Today, I want to express a few words regarding this ambiguous thing called ‘ a sense of humour’. Not everyone has the same definition of it but, for the most part, I’m sure people would agree it’s about having the ability to laugh. In doing so, we let go of stresses especially when there’s a need to release pent up pressure in our lives. Given we oscillate between times of great worry and times of ease, it’s important to stand back, look in from the outside, and learn to deal with all these situations with a healthy detachment. It allows us to be better prepared for any potential inevitability as life goes on.
There have often been times I’ve been in a social circle of fellow Muslims and noticed that some have lost the ability to practise or understand humour. They don’t appreciate those ‘let your hair down’ moments. It’s almost as if an outward sign of religiosity is the need to be ‘proper’ and serious at all times. Of course, there is no escaping that the very purpose of our lives here is to worship Allah only. It’s also true that it would be really inappropriate to humour someone who is experiencing a bereavement or some sort of grief. Feeling frivolous or light-hearted should happen at the right time and place.
However, I believe that finding moments not to take life too seriously is not the same as compromising on one’s faith. That latter duty should always be our ultimate focus. But we all have our unique methods on how to negotiate difficult situations. For some, it is to retreat to a solitary space; for others it is to travel and meet people; and for some others it is simply to be and feel positive. But for all of them, we can see that beseeching Allah can be achieved through all these means. No one type of personality has exclusive rights to Him. Alhamdulillah for the myriad of personalities that exist under the banner of humanity. It is because of these vibrant differences that we have woven together a wonderful fabric called the Ummah – a bit like a patchwork quilt. The net result is stunning. If we were all cast in the same mould, life would have become infinitely dull.
I, for one, can’t be too serious for too long. Even in my challenging times, I have made sure laughter has punctuated the monotony. Without that release valve, I would surely have imploded by now. Whether it’s an amusing anecdote someone else has shared or even I myself who has found a quick quip to lighten the mood, I’m grateful that I am still able to appreciate the blessings such moments offer. Indeed, bringing a smile to someone’s face is an act of charity itself. It is a profound prophetic teaching. What an amazing fact! It is part of the innate human condition to want to find happiness or joy and denying that is denying a blessing we have been endowed with.
Finding humour is so cathartic! In a very curious way, it actually makes us put everything in life back into perspective. That’s because at the end of the day, we must remember that we tarry on this Earth for a relatively short time. There is nothing we take to the other side except our deeds, good and bad. Whatever anguish we experience, even that will pale into insignificance once life is over. So, whilst we find our paths to healing, we need to remind ourselves to step back and try to look objectively at everything. Think about a grain of dust: it is always going to remain that insignificant little thing until it enters our eye and causes so much irritation and discomfort. The grain itself doesn’t change its form; what changes is the fact that it is much closer to us and so its relevance has also shifted proportionately. Keep it at bay and notice how irrelevant it becomes. The same can be said for our problems. Hold them at arm’s length and don’t let them consume you.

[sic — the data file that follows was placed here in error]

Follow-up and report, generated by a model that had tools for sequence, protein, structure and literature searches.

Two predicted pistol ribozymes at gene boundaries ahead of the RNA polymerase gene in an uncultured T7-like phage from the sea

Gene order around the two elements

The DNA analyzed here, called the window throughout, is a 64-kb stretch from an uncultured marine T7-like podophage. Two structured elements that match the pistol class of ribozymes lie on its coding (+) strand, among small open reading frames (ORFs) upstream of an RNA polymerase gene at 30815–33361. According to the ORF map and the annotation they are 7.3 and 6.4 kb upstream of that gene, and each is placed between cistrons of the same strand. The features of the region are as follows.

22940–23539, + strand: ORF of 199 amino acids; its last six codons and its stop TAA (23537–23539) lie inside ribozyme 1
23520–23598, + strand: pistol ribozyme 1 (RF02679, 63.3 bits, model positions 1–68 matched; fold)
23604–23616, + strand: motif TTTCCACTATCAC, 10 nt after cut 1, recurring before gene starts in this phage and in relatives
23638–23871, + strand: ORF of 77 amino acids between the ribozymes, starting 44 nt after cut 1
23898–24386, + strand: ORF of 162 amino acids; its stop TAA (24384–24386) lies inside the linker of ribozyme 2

And so it is that I sometimes despair at the encounters I have had with Muslims who believe their ability to imitate a lifeless stone is far more honourable than participating in a moment of frivolous, but harmless, joy in the company of others. When did this become a spiritual goal? When did they take leave to occupy the higher moral ground? It’s important to understand that having a sense of humour is not decadent. It is not an unguarded recklessness leading to potential ruin. As long as rules of decency and respect are maintained, spending time laughing and joking with others can actually be an act of ibadah (worship) itself. Helping a distressed fellow human to find relief, however fleeting, is a great act of generosity.
I know some people reading this might feel my entire blog is based on imagined experiences. However, I know I refer to real past encounters. When meeting such people, I have sometimes even decided whether to pursue friendships or not based on their inability to respond to humour. An invariably serious person is a heavy burden to carry in life. They need to understand it really is possible to take the finger off the pulse of life without becoming heedless. It’s absolutely necessary to have periods where we can ‘switch off’ only to reset ourselves again for the next round of trials and tribulations. Because, for sure, they will be there and respite from them is not a crime. It’s a must.
I write this as a tribute to all those who have helped me stay sane in a world which seems to have gone crazy. I am eternally grateful for their humour and company. At the same time, my plea to Muslims who have not learnt the gift of laughter, either as medicine for themselves or someone else, I would argue that they need to question whether they are bordering on ingratitude itself. A happy disposition should be the default disposition. If that is understood, then our problems would themselves become mere inconveniences. Funny, isn’t it?